The Group of Seven major industrial nations, long the standard-bearer for free markets and democracy and a leader on the global stage, is in danger of splintering. This is a crisis that threatens to create a vacuum in global governance.
Talks at this year's summit, held in Charlevoix, Canada, on June 8 and 9, were marked by more confusion than at any previous meeting and only deepened the rift between the U.S., which is aggressively pushing for radical protectionism, and Europe and Canada, which are urging Washington to shift course.
U.S. President Donald Trump, after leaving Canada for his historic summit with North Korean leader Kim Jong Un, showed his utter disregard for the G-7 by tweeting that he did not endorse the joint communique that the leaders worked so hard to craft. At no point did he express contrition about arriving late to the summit's first session or leaving the venue early. This behavior is unacceptable.
The G-7, an alliance of major democratic states that share the same fundamental values, has been crucial for world stability. Efforts by Japan, the U.S. and Europe to build a system of consensus-building in the international community have been hugely significant, even as the rise of emerging economies lessens their influence.
A breakup of the G-7 could make it harder to tackle such international challenges as financial crises and terrorism, and make it easier for China and Russia, both led by strong-arm leaders, to upend the existing world order. Washington should understand that such a scenario would go against America's interests, too.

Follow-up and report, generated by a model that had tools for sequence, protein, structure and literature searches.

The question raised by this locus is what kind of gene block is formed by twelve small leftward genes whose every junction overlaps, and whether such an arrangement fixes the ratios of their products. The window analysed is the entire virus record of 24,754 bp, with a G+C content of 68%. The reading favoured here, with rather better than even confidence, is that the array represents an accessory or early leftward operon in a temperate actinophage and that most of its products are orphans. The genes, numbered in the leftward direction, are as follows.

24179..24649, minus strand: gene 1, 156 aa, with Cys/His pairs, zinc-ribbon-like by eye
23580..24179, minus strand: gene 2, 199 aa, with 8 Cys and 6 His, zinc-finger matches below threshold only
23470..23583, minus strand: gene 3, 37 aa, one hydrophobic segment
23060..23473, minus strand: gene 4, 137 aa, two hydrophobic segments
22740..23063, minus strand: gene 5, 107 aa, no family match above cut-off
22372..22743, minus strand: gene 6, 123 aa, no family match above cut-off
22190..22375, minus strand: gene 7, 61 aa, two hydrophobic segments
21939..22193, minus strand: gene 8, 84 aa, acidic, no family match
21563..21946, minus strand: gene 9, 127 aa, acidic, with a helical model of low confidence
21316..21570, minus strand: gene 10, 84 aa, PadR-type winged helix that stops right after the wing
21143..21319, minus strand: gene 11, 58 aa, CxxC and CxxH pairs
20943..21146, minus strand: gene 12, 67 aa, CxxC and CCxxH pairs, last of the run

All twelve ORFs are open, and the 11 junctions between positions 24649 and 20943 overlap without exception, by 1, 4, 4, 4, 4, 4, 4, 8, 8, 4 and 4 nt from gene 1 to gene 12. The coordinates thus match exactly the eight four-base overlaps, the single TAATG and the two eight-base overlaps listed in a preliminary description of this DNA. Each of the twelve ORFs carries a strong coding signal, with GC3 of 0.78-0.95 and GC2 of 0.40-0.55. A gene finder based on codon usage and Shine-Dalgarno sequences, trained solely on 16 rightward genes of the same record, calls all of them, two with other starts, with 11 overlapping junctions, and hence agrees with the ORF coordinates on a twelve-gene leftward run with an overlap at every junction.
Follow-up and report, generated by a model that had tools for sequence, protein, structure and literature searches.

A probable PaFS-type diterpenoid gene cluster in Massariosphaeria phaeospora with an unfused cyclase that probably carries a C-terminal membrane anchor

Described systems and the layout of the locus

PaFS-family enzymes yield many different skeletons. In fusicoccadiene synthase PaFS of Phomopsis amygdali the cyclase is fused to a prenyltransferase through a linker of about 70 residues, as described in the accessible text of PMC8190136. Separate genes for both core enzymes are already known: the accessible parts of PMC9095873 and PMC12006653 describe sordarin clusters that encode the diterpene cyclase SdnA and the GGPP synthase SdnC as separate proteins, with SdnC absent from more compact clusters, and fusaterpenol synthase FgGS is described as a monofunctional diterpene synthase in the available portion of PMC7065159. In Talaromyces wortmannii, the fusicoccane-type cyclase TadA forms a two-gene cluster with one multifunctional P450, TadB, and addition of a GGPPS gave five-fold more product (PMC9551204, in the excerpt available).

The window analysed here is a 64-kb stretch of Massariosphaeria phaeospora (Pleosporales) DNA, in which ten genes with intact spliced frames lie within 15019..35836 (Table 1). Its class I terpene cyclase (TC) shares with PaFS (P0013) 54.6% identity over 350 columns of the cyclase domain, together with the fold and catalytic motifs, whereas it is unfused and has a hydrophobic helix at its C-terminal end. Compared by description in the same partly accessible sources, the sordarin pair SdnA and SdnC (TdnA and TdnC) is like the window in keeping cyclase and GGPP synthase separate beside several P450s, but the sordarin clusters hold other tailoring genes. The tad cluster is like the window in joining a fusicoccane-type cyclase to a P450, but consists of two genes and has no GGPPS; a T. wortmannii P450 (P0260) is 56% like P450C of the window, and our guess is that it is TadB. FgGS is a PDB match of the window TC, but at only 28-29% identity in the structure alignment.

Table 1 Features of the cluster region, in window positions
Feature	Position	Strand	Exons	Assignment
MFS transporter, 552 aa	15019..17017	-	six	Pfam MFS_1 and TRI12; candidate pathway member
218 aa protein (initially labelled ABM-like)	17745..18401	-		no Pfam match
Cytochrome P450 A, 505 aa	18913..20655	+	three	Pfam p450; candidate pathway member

Above all else, the Trump administration must correct its policy course. We hope Washington reins in its inward-looking policies -- protectionist trade measures and restrictions on immigration, to name two -- and mends fences with friends, allies and international organizations.
The proximate cause of the G-7 rift is the hefty tariffs the U.S. placed on imported steel and aluminum. The Trump administration should immediately scrap the duties to avert the trade war that is brewing with America's major trading partners.
Japan, Canada and the European states must not relent in urging the U.S. to recognize the significance of the G-7. For the sake of global stability, they should also keep alive the Trans-Pacific Partnership free trade agreement, the Paris agreement on climate change and the Iran nuclear deal -- even though Trump has pulled the U.S. out of each one.
At the Charlevoix summit, Trump called for Russia to be reinstated to the group, drawing an angry backlash from other G-7 leaders. There is little reason to readmit Russia to the fold, considering that the country, which was removed from the then-Group of Eight after its annexation of Crimea in 2014, has been involved in a number of international problems.
On June 9 and 10, leaders from the eight member countries of the Shanghai Cooperation Organization, including China and Russia, gathered for their annual summit in the Chinese port city of Qingdao. The solidarity those leaders reportedly showed was reminiscent of the close ties that once existed among the G-7. Deepening the contrast with the events in Charlevoix was their pledge to take a stand against the spread of protectionist trade practices.
It is ironic that Chinese President Xi Jinping and Russian President Vladimir Putin behaved like standard-bearers for free trade at that international meeting. It would be tragic indeed if the G-7 remains adrift while a grouping of authoritarian states takes its place.